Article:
Impact of functional inorganic nanotubes f-INTs-WS2 on hemolysis, platelet function and coagulation

Julie Laloy, Hélène Haguet, Lutfiye Alpan, Daniel Raichman, Jean-Michel Dogné, Jean-Paul Lellouche

Research output: Contribution to journalArticle

Abstract

Inorganic transition metal dichalcogenide nanostructures are interesting for several biomedical applications such as coating for medical devices (e.g. endodontic files, catheter stents) and reinforcement of scaffolds for tissue engineering. However, their impact on human blood is unknown. A unique nanomaterial surface-engineering chemical methodology was used to fabricate functional polyacidic polyCOOH inorganic nanotubes of tungsten disulfide towards covalent binding of any desired molecule/organic species via chemical activation/reactivity of this former polyCOOH shell. The impact of these nanotubes on hemolysis, platelet aggregation and blood coagulation has been assessed using spectrophotometric measurement, light transmission aggregometry and thrombin generation assays. The functionalized nanotubes do not induce hemolysis but decrease platelet aggregation and induce coagulation through intrinsic pathway activation. The functional nanotubes were found to be more thrombogenic than the non-functional ones, suggesting lower hemocompatibility and increased thrombotic risk with functionalized tungsten disulfide nanotubes. These functionalized nanotubes should be used with caution in blood-contacting devices.

Original languageEnglish
Pages (from-to)31
JournalNano convergence
Volume5
Issue number1
DOIs
Publication statusPublished - 2018
Externally publishedYes

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Nanotubes
Hemolysis
Blood Platelets
Tungsten
Nanostructures
Platelet Aggregation
Disulfides
Chemical Engineering
Equipment and Supplies
Endodontics
Blood Coagulation
Tissue Engineering
Thrombin
Stents
iodonitrotetrazolium
Catheters
Metals
Light

Cite this

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title = "Impact of functional inorganic nanotubes f-INTs-WS2 on hemolysis, platelet function and coagulation",
abstract = "Inorganic transition metal dichalcogenide nanostructures are interesting for several biomedical applications such as coating for medical devices (e.g. endodontic files, catheter stents) and reinforcement of scaffolds for tissue engineering. However, their impact on human blood is unknown. A unique nanomaterial surface-engineering chemical methodology was used to fabricate functional polyacidic polyCOOH inorganic nanotubes of tungsten disulfide towards covalent binding of any desired molecule/organic species via chemical activation/reactivity of this former polyCOOH shell. The impact of these nanotubes on hemolysis, platelet aggregation and blood coagulation has been assessed using spectrophotometric measurement, light transmission aggregometry and thrombin generation assays. The functionalized nanotubes do not induce hemolysis but decrease platelet aggregation and induce coagulation through intrinsic pathway activation. The functional nanotubes were found to be more thrombogenic than the non-functional ones, suggesting lower hemocompatibility and increased thrombotic risk with functionalized tungsten disulfide nanotubes. These functionalized nanotubes should be used with caution in blood-contacting devices.",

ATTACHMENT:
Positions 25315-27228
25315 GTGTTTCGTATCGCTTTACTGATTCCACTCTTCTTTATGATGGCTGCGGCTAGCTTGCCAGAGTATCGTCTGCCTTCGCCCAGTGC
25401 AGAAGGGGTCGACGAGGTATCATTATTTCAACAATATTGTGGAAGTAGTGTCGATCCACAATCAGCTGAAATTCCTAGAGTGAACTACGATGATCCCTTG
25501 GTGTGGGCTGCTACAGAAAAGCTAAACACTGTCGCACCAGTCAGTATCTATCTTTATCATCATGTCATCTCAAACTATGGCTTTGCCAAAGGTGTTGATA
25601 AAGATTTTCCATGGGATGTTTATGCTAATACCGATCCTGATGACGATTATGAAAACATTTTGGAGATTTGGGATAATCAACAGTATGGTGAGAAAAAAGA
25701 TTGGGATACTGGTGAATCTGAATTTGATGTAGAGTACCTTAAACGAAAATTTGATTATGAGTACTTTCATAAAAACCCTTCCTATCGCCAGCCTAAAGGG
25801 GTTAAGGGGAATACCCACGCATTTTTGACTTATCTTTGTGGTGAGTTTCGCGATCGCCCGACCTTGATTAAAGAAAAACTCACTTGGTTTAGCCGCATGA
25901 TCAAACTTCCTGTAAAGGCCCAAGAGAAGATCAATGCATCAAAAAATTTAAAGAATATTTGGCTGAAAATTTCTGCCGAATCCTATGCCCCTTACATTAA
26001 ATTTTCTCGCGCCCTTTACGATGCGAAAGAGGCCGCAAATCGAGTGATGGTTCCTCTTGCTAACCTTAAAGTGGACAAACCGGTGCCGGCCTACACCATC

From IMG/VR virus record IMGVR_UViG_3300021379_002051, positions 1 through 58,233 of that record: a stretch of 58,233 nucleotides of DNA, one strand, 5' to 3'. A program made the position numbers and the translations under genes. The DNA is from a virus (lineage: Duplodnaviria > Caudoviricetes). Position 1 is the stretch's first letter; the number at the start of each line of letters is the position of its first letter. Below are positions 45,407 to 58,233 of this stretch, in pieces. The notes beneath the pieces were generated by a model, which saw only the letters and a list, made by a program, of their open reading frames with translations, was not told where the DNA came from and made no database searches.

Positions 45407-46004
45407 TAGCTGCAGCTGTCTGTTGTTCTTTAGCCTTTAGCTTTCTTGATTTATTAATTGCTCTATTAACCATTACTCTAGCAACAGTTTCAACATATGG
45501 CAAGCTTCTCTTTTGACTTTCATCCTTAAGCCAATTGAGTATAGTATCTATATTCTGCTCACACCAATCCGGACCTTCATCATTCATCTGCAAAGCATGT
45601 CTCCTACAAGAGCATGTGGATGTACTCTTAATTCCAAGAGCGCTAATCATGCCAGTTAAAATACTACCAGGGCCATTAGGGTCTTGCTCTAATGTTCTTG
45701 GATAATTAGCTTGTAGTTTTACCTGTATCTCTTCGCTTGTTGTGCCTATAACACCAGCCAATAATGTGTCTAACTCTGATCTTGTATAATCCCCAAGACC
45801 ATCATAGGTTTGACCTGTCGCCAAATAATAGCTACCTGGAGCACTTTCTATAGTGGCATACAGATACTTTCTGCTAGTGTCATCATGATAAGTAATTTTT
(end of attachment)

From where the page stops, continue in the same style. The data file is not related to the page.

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Impact of functional inorganic nanotubes f-INTs-WS2 on hemolysis, platelet function and coagulation. / Laloy, Julie; Haguet, Hélène; Alpan, Lutfiye; Raichman, Daniel; Dogné, Jean-Michel; Lellouche, Jean-Paul.

In: Nano convergence, Vol. 5, No. 1, 2018, p. 31.

Research output: Contribution to journalArticle

TY - JOUR

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AU - Laloy, Julie

AU - Haguet, Hélène

AU - Alpan, Lutfiye

AU - Raichman, Daniel

AU - Dogné, Jean-Michel

AU - Lellouche, Jean-Paul

PY - 2018

Y1 - 2018

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AB - Inorganic transition metal dichalcogenide nanostructures are interesting for several biomedical applications such as coating for medical devices (e.g. endodontic files, catheter stents) and reinforcement of scaffolds for tissue engineering. However, their impact on human blood is unknown. A unique nanomaterial surface-engineering chemical methodology was used to fabricate functional polyacidic polyCOOH inorganic nanotubes of tungsten disulfide towards covalent binding of any desired molecule/organic species via chemical activation/reactivity of this former polyCOOH shell. The impact of these nanotubes on hemolysis, platelet aggregation and blood coagulation has been assessed using spectrophotometric measurement, light transmission aggregometry and thrombin generation assays. The functionalized nanotubes do not induce hemolysis but decrease platelet aggregation and induce coagulation through intrinsic pathway activation. The functional nanotubes were found to be more thrombogenic than the non-functional ones, suggesting lower hemocompatibility and increased thrombotic risk with functionalized tungsten disulfide nanotubes. These functionalized nanotubes should be used with caution in blood-contacting devices.

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